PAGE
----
Skip to main content

Government Performance: Lessons Learned for the Next Administration on Using Performance Information to Improve Results

GAO-08-1026T Published: Jul 24, 2008. Publicly Released: Jul 24, 2008.
Jump To:
Skip to Highlights


Over the past 15 years, legislative and executive branch reform efforts have attempted to shift the focus of federal government management from a preoccupation with activities to the results or outcomes of those activities. Based on over a decade of work in this area, GAO has found a transformation in the capacity of the federal government to manage for results, including an infrastructure of outcome-oriented strategic plans, performance measures, and accountability reporting that provides a solid foundation for improving the performance of federal programs. However, agencies have made less progress in getting their managers' to use performance information in their decision making. GAO was asked to testify on the preliminary results of ongoing work looking at (1) trends in federal managers' use of performance information to manage, both governmentwide and at the agency level; (2) how agencies can encourage greater use of performance information to improve results; and (3) lessons learned from prior management reforms for the next administration. Our statement is based on prior GAO reports and surveys we conducted in 1997, 2000, 2003, and 2007. For the results of our 2007 survey, see e-supplement GAO-08-1036SP. GAO will be issuing a report at a later date that will explore the use of performance results in management decision making at selected agencies.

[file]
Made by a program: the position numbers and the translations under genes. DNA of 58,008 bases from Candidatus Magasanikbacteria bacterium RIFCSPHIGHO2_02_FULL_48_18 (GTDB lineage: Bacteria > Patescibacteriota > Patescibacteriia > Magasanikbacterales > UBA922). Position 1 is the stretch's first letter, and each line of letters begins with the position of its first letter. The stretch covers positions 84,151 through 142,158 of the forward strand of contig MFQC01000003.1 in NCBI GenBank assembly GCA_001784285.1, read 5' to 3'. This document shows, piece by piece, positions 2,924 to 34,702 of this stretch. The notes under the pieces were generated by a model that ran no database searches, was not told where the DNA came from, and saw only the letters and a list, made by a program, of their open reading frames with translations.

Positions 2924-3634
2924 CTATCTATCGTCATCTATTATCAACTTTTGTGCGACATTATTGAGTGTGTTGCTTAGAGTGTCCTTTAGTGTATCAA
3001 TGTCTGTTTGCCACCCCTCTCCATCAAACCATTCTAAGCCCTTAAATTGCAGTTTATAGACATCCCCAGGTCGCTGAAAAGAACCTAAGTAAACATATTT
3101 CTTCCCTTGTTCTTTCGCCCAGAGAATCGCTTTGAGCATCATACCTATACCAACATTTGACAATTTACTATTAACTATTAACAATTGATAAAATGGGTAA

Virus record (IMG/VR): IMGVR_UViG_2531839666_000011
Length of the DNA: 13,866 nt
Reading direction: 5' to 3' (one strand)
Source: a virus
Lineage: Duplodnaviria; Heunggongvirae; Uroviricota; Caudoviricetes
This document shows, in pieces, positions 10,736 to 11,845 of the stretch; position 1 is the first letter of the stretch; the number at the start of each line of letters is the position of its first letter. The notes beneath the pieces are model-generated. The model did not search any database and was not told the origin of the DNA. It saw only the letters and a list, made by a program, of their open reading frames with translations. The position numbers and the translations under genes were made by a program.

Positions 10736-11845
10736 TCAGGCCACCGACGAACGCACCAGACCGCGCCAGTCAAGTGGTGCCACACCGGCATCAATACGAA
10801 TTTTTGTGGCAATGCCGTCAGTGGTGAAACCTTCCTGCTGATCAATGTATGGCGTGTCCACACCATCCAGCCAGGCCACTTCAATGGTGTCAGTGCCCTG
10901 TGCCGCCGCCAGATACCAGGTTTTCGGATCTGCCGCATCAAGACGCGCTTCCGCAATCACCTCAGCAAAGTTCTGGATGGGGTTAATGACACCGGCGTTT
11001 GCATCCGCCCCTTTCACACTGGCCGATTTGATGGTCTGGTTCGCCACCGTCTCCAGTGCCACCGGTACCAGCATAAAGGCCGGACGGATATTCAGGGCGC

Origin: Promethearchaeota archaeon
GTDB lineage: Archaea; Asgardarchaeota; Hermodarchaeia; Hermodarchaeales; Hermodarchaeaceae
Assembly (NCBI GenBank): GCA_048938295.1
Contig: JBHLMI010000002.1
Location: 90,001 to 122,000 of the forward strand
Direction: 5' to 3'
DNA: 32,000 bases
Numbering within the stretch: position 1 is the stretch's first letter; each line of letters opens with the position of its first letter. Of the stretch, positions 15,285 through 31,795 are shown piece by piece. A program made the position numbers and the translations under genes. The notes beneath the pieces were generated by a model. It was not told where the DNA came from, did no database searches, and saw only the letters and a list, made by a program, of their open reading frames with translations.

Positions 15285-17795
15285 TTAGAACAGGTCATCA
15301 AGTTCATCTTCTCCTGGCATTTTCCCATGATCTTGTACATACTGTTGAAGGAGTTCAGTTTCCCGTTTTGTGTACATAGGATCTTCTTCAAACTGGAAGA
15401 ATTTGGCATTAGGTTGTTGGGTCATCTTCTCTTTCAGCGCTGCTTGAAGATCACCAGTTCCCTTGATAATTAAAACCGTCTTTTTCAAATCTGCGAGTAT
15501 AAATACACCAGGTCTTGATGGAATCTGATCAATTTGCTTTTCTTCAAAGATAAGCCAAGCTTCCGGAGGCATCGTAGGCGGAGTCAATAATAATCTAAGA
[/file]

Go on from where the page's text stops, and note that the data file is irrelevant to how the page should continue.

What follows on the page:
Full Report

Office of Public Affairs


AccountabilityData collectionData integrityDecision makingExecutive agenciesGovernment informationInformation resources managementInternal controlsLessons learnedPerformance appraisalPerformance managementPerformance measuresProgram evaluationProgram managementRegulatory agenciesReporting requirementsStrategic planningSurveysAssessments